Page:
Nuclear Road Trip

Get your Geiger counters out…

In July of 1945, the United States detonated the first nuclear device, codenamed “the gadget”, in the desert just east of Socorro, New Mexico. At just after 5 am, a light many times brighter than the sun on a clear day lit up the nearby mountains, and was soon followed by a fireball so hot that it melted the sand of the desert floor into a green radioactive glass. This day marked the moment in history when the human mind became more powerful than all of the armies of troops, the divisions of tanks, and the fleets of ships in all the worlds military forces. Of course the application of such weapons has left a horrible scar on the history of human kind, however the science behind the discovery and the potential applications in human advancement and exploration are remarkable.

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The bomb was initially designed and built at the Los Alamos National Laboratory about a two hours drive north from the bombing range where the device was detonated. Here, a group of some of the most brilliant scientists of their day came together to undertake the worlds most expensive and technical engineering project in human history. The Laboratory is apparently still involved in some sensitive government projects and therefor do not offer tours, but they do host an AMAZING exhibit center at the nearby Bradbury Science Museum.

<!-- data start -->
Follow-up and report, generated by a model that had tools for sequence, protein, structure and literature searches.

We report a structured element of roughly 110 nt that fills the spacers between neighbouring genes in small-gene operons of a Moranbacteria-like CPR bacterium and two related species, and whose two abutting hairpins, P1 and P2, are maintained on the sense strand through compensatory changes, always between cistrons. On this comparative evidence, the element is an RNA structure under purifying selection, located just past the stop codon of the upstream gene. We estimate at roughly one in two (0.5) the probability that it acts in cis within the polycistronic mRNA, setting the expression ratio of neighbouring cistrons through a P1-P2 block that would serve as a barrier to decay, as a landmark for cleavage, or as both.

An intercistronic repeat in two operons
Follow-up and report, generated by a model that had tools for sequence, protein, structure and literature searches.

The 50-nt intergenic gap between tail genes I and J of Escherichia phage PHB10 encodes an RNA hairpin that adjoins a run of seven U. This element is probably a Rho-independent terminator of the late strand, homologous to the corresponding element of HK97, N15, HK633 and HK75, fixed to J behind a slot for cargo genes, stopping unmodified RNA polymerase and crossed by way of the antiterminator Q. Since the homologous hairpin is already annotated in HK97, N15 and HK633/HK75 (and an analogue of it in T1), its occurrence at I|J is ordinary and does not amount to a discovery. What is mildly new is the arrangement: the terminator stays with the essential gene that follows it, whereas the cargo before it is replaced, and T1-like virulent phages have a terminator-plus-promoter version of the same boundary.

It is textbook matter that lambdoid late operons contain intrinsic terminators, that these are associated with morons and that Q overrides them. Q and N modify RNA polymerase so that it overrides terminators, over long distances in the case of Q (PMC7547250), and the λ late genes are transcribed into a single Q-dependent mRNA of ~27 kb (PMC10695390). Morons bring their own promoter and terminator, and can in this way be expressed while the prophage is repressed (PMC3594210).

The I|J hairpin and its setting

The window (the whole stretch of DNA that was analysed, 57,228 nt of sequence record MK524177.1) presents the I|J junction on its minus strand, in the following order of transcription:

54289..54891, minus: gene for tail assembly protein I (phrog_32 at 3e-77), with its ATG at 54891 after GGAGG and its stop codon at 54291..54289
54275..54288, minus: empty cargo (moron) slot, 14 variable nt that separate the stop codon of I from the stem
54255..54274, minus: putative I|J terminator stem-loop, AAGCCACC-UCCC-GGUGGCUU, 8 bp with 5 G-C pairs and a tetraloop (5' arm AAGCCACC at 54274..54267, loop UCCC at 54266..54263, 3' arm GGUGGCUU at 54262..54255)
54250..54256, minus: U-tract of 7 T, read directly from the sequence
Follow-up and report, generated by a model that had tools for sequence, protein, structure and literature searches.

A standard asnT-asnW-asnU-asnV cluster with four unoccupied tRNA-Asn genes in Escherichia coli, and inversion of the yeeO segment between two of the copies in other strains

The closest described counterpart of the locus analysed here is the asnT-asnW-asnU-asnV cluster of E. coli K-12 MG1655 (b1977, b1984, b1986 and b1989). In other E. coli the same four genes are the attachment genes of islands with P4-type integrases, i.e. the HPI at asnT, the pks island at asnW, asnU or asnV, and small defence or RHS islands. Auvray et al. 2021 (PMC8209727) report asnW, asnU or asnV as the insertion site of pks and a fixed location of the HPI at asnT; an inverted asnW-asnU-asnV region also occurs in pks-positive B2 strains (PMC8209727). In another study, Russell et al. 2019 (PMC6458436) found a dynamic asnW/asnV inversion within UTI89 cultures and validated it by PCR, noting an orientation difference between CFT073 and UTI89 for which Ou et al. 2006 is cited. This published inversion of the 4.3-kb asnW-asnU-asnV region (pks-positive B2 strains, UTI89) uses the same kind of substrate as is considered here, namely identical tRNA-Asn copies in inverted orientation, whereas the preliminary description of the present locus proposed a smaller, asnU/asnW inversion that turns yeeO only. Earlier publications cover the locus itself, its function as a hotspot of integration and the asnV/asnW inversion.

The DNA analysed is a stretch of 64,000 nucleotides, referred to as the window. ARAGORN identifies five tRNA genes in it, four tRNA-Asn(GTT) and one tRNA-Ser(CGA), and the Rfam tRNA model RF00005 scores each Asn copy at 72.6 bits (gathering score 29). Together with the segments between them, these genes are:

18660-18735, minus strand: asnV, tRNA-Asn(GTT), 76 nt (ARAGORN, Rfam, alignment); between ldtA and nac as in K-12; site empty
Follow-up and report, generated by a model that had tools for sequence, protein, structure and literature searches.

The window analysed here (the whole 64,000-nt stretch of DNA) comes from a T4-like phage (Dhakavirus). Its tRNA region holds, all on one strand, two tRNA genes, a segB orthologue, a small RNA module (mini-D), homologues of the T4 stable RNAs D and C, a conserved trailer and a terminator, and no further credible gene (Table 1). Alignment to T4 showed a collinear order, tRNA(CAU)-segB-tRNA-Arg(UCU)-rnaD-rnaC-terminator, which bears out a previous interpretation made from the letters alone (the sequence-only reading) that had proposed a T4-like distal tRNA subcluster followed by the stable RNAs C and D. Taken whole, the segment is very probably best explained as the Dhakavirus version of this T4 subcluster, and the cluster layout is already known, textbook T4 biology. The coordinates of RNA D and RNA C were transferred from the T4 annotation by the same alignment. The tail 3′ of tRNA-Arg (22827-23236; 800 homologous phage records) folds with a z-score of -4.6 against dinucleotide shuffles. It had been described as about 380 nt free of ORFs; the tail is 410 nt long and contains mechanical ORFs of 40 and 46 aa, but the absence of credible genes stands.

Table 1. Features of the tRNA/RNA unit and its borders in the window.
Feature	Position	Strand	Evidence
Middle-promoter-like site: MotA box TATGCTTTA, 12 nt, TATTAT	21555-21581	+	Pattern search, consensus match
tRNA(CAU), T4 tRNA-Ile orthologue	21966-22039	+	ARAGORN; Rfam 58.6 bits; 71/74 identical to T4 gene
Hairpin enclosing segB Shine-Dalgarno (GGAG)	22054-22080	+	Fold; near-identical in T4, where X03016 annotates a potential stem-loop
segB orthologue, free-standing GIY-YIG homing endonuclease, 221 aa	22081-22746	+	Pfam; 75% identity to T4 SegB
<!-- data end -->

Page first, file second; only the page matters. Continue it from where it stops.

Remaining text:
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Trinitite – Glass formed by sand melting from the heat of the blast.

 

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My son got to separate the very rare Uranium 235 isotopes from the much more abundant Uranium 239 (relax, they were just little plastic beads), and got a real kick out of all of the different exhibit stations ranging from the Manhattan Project museum to the more recent projects the lab has published like algae sourced biofuels. I’m really glad we got to share the experience together, and the only part hereally didn’t care for was the little movie they show periodically in the museum, but that’s only because I had already made him watch the same movie at home before we left for the trip…

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The test site, codenamed “Trinity Site” is on what is still part of an active military testing range that remains in use even today (obviously not for nuclear tests anymore), so the test site is normally closed to the public, BUT for two days every year, the bombing range is shut down, and civilians are allowed to come and see the site where the first atomic bomb was detonated. Our trip to the Los Alamos National Laboratory just so happened to coincide with one of the days the site was open to the public, and we made our way south to check it all out.

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Needless to say, we had a blast! 😉

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